Harmonization. Most EPR programs in Canada operate in a similar way; but, because most are regulated provincially, they all have their unique nuances and requirements. Producers have consistently argued that these differences create administrative complications and inefficiencies and are expensive. Governments have acknowledged the benefits of harmonizing programs but generally have shown themselves to be less capable of actually addressing the concerns.

Producers have increasingly shown that they can play a major role in harmonizing programs and have acted in a number of program areas by centralizing administrative functions and using common communications. The creation of organizations such as the National Used Oil Management Association are a strong indication that producers are starting to work together to manage programs on a more national basis beyond the narrow confines of provincial regulation.

In some cases governments have worked with producers to harmonize programs; but, generally these cases are the exception, not the rule. One obvious case where such cooperation has occurred is with the electronics EPR programs in Nova Scotia and Prince Edward Island, where regulations are similar, product lists and communications were harmonized and producers use the same PRO, Atlantic Canada Electronics Stewardship (ACES), in both jurisdictions.

Maintaining environmental standards and a fair marketplace. With the establishment of large PROs, concerns have arisen in some quarters about the ability of producers to influence the marketplace through such means as setting the prices paid to processors and assigning processing tonnages.

The issue has arisen most visibly in Ontario in the electronics EPR program, where Sims Recycling Solutions and the Ontario Waste Management Association have both publicly raised concerns about Ontario Electronic Stewardship’s (OES’s) contract practices. Most recently, particular concern also was expressed about the assignment of collected e-waste to low-cost overseas processors that did not meet environmental or safety standards (An editorial on the topic appeared in The Tornonto Star: www.thestar.com/opinion/editorials/2013/04/27/ontarios_costly_recycling_program_for_electronics_falls_short_editorial.html). These accusations have not been verified yet but are being investigated by Waste Diversion Ontario.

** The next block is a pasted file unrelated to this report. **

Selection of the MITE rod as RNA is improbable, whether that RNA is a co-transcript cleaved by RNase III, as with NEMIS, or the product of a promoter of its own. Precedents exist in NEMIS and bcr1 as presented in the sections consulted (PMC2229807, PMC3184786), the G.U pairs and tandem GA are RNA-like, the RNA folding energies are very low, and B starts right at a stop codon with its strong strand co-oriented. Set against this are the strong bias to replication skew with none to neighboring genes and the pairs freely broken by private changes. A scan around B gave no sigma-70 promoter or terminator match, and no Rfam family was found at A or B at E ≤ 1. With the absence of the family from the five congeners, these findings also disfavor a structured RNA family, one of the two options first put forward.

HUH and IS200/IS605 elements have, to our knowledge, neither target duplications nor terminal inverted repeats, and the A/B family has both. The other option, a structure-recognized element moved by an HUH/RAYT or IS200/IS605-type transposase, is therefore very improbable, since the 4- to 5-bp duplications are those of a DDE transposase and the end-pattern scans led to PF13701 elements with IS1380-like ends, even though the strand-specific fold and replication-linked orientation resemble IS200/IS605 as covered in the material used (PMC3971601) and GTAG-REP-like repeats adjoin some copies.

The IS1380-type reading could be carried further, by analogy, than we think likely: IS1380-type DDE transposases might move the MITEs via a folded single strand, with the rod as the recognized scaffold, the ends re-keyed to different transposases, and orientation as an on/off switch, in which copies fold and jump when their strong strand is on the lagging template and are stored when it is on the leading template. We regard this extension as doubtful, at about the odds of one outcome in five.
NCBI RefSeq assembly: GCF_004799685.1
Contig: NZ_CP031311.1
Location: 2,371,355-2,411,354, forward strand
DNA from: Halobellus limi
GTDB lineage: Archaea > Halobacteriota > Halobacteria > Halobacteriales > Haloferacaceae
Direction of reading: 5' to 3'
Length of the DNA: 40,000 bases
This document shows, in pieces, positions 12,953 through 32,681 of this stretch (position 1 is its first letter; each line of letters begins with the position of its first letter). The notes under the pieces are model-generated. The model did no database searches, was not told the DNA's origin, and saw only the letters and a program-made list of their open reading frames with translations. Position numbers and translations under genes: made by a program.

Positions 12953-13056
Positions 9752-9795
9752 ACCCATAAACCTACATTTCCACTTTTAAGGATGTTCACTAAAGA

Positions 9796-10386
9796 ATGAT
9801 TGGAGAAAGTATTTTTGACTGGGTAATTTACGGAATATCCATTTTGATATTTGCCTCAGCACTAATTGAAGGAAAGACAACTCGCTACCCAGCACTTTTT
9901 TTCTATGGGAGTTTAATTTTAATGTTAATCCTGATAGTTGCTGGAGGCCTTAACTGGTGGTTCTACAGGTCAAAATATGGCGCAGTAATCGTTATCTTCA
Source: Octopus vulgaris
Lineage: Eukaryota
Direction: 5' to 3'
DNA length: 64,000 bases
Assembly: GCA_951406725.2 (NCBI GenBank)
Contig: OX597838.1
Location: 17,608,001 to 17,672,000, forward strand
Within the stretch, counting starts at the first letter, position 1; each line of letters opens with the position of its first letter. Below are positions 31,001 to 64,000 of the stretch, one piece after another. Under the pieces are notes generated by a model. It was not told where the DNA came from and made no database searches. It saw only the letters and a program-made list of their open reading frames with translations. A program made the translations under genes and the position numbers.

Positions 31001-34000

Oversight. Under an EPR program, government plays a major role in overseeing EPR program performance. In many jurisdictions these responsibilities have been at least partially given to quasigovernment agencies such as Waste Diversion Ontario and Recyc-Québec. In an era of government budget constraint, the ability of provincial agencies to properly monitor the activities of PROs and EPR programs is being stretched. For example, questions are starting to be raised about the capacity of governments to ensure there are no free riders in EPR programs. As policy, and in response to funding constraints, some governments have required PROs to help fund the oversight functions for their programs. It is an open question whether or not such transfers from PROs to oversight agencies is appropriate given the possible negative perceptions and consequences for independent auditing that could be associated with such funding.


Here to Stay

EPR is here to stay in Canada and whether it is an appropriate policy and regulatory instrument is no longer debated. In fact, EPR policies and programs are now so well-established that they appear immune to changes in government or political direction.

EPR programs have shown themselves to be effective ways to enhance waste diversion, properly manage hazardous and problematic wastes and shift costs away from municipal property tax and rate payers. EPR programs also have fostered a new secondary materials infrastructure and have created new business opportunities in a number of areas, including materials collection and processing, program operations and the development of recycled content products.

With the maturity and continuing growth of programs, more attention is being paid to the environmental performance of EPR programs and the challenges associated with program implementation and funding. These are likely to be the major areas of debate and influence on program design, implementation and management in Canada over the next years.

 

After 15 years as a federal public servant and 15 years working with municipalities, Duncan Bury formed Duncan Bury Consulting (www.duncanburyconsulting.ca) in 2010 to contribute to the planning and implementation of strategies for the enhanced diversion of material from disposal and to support the continuing development of environmental stewardship and producer responsibility.